Assessing cognitive bias in forensic decisions: A review and outlook

Curley, Lee J.; Munro, James; Lages, Martin; MacLean, Rory and Murray, Jennifer (2020). Assessing cognitive bias in forensic decisions: A review and outlook. Journal of Forensic Sciences, 65(2) pp. 354–360.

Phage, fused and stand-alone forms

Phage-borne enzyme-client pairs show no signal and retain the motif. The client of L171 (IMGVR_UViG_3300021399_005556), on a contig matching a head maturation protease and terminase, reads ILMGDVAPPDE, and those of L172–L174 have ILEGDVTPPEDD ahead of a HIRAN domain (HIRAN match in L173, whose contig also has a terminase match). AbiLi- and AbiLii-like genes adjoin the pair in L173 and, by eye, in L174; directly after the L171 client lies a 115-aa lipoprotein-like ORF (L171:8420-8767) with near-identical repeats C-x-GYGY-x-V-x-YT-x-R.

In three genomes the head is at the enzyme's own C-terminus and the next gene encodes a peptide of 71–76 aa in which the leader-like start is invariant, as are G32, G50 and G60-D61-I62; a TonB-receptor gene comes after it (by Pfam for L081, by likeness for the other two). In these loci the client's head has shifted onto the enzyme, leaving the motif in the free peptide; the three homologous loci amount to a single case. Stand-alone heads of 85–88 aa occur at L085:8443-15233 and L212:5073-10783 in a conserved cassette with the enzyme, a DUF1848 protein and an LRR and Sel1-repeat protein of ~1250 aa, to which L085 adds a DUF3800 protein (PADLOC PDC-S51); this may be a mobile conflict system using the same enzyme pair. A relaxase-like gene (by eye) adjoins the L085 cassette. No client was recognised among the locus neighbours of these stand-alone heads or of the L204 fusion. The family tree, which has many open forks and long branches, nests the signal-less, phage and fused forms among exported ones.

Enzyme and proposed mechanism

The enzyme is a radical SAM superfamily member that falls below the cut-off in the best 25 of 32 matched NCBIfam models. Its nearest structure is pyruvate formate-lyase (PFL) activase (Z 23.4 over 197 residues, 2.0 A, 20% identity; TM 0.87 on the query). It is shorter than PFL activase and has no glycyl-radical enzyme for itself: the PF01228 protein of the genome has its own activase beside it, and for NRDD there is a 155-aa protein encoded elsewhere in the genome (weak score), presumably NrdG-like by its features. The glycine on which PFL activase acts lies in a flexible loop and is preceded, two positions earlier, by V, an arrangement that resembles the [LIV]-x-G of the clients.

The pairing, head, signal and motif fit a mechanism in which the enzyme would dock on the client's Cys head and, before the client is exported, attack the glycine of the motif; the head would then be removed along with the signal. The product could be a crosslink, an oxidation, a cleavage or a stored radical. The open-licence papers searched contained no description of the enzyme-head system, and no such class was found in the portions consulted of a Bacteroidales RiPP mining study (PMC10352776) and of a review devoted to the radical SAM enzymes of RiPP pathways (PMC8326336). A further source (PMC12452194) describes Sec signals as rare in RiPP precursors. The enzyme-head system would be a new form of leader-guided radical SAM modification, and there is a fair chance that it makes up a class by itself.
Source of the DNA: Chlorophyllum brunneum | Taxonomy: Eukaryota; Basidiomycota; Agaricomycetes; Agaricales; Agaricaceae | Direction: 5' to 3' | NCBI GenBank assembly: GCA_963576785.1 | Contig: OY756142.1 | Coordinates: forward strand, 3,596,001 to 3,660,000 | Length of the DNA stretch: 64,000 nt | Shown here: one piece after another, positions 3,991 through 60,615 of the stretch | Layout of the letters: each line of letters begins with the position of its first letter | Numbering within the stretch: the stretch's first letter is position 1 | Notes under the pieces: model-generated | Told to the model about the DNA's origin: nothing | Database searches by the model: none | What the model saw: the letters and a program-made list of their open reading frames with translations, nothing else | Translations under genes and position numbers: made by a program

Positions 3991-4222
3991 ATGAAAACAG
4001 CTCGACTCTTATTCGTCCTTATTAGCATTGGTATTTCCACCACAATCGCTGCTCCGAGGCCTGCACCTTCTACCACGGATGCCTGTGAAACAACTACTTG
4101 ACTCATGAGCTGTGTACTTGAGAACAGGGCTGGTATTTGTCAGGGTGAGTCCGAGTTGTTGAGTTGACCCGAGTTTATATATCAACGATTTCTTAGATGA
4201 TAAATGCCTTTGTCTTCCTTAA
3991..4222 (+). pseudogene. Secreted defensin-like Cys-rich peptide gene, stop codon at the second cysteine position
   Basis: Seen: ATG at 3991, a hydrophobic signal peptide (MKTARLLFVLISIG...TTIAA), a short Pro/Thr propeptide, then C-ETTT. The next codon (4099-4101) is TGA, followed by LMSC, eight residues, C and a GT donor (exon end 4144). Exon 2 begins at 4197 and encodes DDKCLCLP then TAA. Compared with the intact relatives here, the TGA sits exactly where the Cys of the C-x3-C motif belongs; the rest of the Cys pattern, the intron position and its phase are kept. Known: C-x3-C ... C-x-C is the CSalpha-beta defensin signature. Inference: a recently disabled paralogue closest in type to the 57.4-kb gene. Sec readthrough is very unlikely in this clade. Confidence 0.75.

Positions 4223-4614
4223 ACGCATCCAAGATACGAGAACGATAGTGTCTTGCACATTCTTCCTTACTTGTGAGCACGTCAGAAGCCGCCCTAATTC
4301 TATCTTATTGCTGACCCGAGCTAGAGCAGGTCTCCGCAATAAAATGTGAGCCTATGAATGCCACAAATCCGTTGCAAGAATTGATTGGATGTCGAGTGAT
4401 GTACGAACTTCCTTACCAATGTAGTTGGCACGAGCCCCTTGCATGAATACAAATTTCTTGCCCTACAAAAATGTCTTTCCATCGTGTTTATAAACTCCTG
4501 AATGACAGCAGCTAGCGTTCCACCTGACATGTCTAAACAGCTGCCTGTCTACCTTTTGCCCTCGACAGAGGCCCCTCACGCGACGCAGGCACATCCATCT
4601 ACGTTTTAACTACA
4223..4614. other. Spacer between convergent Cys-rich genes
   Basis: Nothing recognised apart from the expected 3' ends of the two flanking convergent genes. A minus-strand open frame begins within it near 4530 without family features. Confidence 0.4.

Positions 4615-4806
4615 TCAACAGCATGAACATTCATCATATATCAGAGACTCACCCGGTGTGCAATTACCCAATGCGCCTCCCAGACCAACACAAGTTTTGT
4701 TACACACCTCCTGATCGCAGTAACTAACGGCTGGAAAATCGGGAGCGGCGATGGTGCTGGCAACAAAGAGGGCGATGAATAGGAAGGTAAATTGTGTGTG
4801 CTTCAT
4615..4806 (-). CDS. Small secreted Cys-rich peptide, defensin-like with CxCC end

In recent years, a number of studies have demonstrated that forensic examiners can be biased by task-irrelevant contextual information. However, concerns relating to methodological flaws and ecological validity attenuate how much the current body of knowledge can be applied to real-life operational settings. The current review takes a narrative approach to synthesising the literature across forensic science. Further, the review considers three main issues: 1) primary research on contextual bias within forensic science; 2) methodological criticisms of this research; 3) an alternative perspective that task-irrelevant contextual information does not always lead to error. One suggestion for future research is outlined, which is that studies on contextual bias in forensic decisions should be conducted in collaboration between forensic scientists and cognitive psychologists. Only then can rigorous and ecological valid experiments be created that will be able to assess how task-irrelevant contextual information influences forensic analysis and judgements in operationally valid settings.

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